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Gun amnesty program up for debate at Toronto City Hall

Click to play video: 'Gun violence in Toronto on the rise' Gun violence in Toronto on the rise
WATCH ABOVE: Toronto has seen an upswing in gun violence over the last month, including this past weekend where the city saw three shootings on Friday alone. Mike Drolet reports – Jun 5, 2016

A proposal by a Toronto city councillor to implement a gun amnesty program to help curb gun violence will be debated at city hall on Tuesday.

Ward 7 councillor Giorgio Mammoliti will head up a motion that would offer the public food vouchers in exchange for guns turned into police.

“My effort here is to try to convince the relatives of those that are involved in these gun crimes to almost steal the guns off of them and hand them in,” said Mammoliti in an interview on Tuesday.

“If we’re offering them a few hundred dollars worth of food, they might just do that.”

READ MORE: Surge in violence has Toronto councillor proposing emergency gun amnesty

The proposal, which was made public on the weekend, has since been panned by local critics including Mayor John Tory who insist similar amnesty programs in the past have provided mixed results.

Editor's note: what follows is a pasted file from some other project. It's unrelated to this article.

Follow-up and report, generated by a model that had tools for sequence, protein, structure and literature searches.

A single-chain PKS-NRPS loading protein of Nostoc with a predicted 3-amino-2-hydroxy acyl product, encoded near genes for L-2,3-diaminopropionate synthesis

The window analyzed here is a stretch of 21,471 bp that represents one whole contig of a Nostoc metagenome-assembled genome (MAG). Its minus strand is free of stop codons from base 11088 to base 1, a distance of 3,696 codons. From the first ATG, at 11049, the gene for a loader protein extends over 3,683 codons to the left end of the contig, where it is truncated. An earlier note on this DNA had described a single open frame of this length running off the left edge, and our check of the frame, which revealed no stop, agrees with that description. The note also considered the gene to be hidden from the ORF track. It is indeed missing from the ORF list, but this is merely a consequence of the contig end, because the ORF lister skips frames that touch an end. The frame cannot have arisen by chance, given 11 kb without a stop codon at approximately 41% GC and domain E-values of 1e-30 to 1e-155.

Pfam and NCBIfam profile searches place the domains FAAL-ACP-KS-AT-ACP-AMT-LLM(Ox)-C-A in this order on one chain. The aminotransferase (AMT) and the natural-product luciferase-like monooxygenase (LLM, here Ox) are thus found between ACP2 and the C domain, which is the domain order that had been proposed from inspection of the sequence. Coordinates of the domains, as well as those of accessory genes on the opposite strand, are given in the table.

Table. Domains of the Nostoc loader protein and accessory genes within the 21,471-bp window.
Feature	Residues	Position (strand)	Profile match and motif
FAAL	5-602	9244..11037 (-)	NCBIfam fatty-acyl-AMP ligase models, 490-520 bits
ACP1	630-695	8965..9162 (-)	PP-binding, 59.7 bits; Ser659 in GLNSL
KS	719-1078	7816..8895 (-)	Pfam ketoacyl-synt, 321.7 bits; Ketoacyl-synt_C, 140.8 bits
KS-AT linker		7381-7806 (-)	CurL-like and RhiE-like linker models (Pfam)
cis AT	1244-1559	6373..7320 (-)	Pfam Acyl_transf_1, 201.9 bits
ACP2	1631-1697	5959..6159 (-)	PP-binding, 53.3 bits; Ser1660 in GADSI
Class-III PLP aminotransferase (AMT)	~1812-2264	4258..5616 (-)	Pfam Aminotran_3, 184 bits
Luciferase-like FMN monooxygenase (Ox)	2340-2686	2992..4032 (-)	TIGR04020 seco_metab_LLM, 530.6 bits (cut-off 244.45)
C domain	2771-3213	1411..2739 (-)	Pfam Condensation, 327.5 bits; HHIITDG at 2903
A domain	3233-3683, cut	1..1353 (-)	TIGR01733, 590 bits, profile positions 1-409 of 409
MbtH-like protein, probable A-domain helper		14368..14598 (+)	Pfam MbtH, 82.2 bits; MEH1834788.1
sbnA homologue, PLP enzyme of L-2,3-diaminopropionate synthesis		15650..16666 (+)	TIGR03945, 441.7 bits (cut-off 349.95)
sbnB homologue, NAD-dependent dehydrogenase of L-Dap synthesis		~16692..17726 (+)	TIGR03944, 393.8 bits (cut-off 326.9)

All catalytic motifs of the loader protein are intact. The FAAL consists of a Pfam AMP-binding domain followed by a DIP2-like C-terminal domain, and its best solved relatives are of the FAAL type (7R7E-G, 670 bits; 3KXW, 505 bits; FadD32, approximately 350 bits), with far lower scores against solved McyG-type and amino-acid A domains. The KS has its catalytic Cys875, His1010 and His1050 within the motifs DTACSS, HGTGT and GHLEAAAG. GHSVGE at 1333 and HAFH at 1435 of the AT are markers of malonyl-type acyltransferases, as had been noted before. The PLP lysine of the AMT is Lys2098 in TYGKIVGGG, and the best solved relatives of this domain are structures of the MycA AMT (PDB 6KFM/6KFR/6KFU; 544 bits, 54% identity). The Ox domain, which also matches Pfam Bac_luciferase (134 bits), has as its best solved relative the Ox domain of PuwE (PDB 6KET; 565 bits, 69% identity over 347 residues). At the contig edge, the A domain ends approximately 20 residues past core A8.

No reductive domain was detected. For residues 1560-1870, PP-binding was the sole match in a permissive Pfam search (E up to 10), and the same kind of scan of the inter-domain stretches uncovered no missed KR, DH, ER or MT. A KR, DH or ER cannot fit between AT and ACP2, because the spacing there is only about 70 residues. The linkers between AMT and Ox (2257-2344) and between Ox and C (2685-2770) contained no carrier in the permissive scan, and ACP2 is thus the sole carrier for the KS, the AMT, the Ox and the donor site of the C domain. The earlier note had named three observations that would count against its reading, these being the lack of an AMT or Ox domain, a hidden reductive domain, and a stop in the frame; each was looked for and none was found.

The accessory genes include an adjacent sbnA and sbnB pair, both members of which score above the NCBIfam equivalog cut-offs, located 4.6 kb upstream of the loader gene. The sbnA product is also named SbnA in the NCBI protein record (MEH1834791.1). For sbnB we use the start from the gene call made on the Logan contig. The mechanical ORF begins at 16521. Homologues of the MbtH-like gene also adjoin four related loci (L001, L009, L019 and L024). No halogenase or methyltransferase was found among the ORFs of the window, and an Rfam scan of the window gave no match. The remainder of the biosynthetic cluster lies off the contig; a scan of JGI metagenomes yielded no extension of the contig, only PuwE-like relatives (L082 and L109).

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“The guns that tend to get turned in are turned in by law-abiding citizens who had it in the basement from a relative who passed away or whatever. The bad guys don’t tend to show up to get the grocery coupon and turn in their guns,” Tory said on Monday.

READ MORE: ‘Public outrage will not be enough’: Toronto police chief pleads amid spike in gun violence

Still, Mammoliti believes the program may be enticing enough for some to turn in their weapons.

“At the end of the day, we all know that those guns could very well be stolen as well,” he said.

“Even Mayor Tory or anyone else, if you’ve got something better, bring it to this council meeting cause we’ve got a crisis. We’ve got people getting killed in the streets, it’s getting worse.”

The latest Toronto police gun violence statistics show the number of shooting deaths have gone up 122 per cent as of June 5 from 9 in 2015 to 20 in 2016.

 

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